Earlier this year, middle school teacher Diana Graber’s 16-year-old daughter popped her head into Graber’s office asking for advice.
Her concern wasn’t about school or boys but, to Graber’s surprise, Instagram.
“She’d taken this shot of herself and she wanted to know if she should post it,” Graber said.
The photo was fairly standard fare for Instagram — a picture of Graber’s daughter in a bathing suit. The two considered the angle and what Graber’s daughter was trying to accomplish with the photo. In the end, the photo was posted with some editing input from Graber and her daughter went on with her day.
“A 16-year-old asking for guidance posting an Instagram — I consider that a major victory,” Graber said. “Kids today know a lot more about technology than their parents do, and we can’t talk at them about this because we don’t get it.”
For many kids and teens who grow up with social media and parents who don’t always understand it, knowing what’s safe and what’s not can be difficult. When her daughter was younger, Graber says she feared that her daughter could get into trouble online and Graber wouldn’t know how to help her. Like many parents, she vaguely understood the notions of cyberbullying or how a photo or status update could impact her child’s future job or college application prospects, but she wasn’t sure how to prevent them from happening.
Graber turned her fears into an educational opportunity. She went back to UCLA and got her master’s degree in media psychology and social change and six years ago, wrote the curriculum of a three-year weekly program she calls Cyber Civics.
Written for grades six through eight, Cyber Civics covers a wide breadth of skills needed for the digital world, including respectful communication skills, sourcing accurate information, and forming a responsible digital footprint in the form of thinking before posting photos or comments online. So far, it’s been picked up by 23 schools across four states. Graber’s daughter took the course when she attended Journey School in Aliso Viejo, Calif., where Graber teaches.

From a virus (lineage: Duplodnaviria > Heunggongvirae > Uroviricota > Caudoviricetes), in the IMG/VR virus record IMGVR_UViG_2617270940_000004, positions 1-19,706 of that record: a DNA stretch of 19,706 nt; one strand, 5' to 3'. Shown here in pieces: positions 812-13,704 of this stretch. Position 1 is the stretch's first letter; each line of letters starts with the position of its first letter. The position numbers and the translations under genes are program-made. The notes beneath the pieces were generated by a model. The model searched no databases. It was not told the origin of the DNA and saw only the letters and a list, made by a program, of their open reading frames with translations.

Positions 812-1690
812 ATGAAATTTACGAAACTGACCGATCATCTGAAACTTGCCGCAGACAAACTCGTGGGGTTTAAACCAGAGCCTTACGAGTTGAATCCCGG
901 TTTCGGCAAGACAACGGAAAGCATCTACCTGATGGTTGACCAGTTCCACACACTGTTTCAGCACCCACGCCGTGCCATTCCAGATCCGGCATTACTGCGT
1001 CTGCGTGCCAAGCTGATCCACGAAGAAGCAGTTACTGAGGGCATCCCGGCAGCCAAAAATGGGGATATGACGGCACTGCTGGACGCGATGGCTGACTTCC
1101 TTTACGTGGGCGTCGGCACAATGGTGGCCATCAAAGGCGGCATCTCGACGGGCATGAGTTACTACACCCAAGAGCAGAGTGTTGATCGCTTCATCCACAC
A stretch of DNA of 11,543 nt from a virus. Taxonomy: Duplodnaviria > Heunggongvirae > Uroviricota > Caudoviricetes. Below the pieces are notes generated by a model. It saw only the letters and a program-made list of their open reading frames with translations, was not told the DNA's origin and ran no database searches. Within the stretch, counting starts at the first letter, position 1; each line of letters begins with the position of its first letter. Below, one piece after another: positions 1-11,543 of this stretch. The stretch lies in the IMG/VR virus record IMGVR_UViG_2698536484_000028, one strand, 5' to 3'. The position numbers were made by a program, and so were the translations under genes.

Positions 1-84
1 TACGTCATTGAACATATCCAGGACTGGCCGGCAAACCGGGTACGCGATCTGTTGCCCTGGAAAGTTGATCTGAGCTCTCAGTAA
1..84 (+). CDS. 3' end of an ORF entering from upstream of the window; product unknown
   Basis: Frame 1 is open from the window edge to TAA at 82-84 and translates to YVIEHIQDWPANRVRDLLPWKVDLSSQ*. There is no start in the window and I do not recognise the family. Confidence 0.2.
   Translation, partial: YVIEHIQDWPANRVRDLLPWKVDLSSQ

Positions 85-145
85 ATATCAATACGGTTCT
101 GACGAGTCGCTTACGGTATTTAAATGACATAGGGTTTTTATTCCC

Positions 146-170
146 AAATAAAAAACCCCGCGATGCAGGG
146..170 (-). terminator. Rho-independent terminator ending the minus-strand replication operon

“I was right there with her when she was 13 and she got on social media, so she’s used to having me in her digital world,” Graber said. “It’s how we’ve parented offline for ages — giving input and being present in their decisions.”
Graber’s program has great timing for schools that must integrate digital literacy training to align with newly adopted Common Core standards, which require students to not only learn how the Internet works, but how to use it responsibly and safely.
But Graber says the program is also a good learning opportunity for parents and families who feel overwhelmed by technology their children pick up naturally.
“We’re at the moment where this (education) has to happen for both parents and kids to be comfortable and safe in the digital world,” Graber said. “This is our moment.”
The sweet spot
At a time when children are sometimes exposed to technology before they can walk or talk, it may seem counterintuitive to delay teaching kids digital conduct and best practices until middle school.
But understanding actions and long-term consequences — like how an unflattering photo could hurt future job prospects — is a form of reasoning that starts developing around age 12, making middle school the developmental “sweet spot” to introduce Cyber Civics, Graber says.
“Kids spend more time with media than they do in school or with their parents. It’s crazy not to talk about the world they’re in,” Graber said. “We wanted to try and get ahead of some of the problems that can happen, so we start in sixth grade and by the time they’re in high school, they’re prepared for what can happen.”
But middle school is also the best time to introduce these concepts of digital ethics — from how to be considerate and empathetic when making an online comment to citing accurate information in school term papers — because of the cognitive capabilities of kids age 12-13.
Before that age, argues education director Patti Connolly, ethical dilemmas the program teaches don’t stick and by high school age, most kids will have been on social media for five years or more without any formal instruction on the ramifications of their online actions.
“We want to work with them on some of the dilemmas they’ll face with social media sharing, texting, plagiarism and other problems before they’re too hooked in, but not before they can grasp it,” Connolly said. “In some instances the ‘window of opportunity’ might close forever.”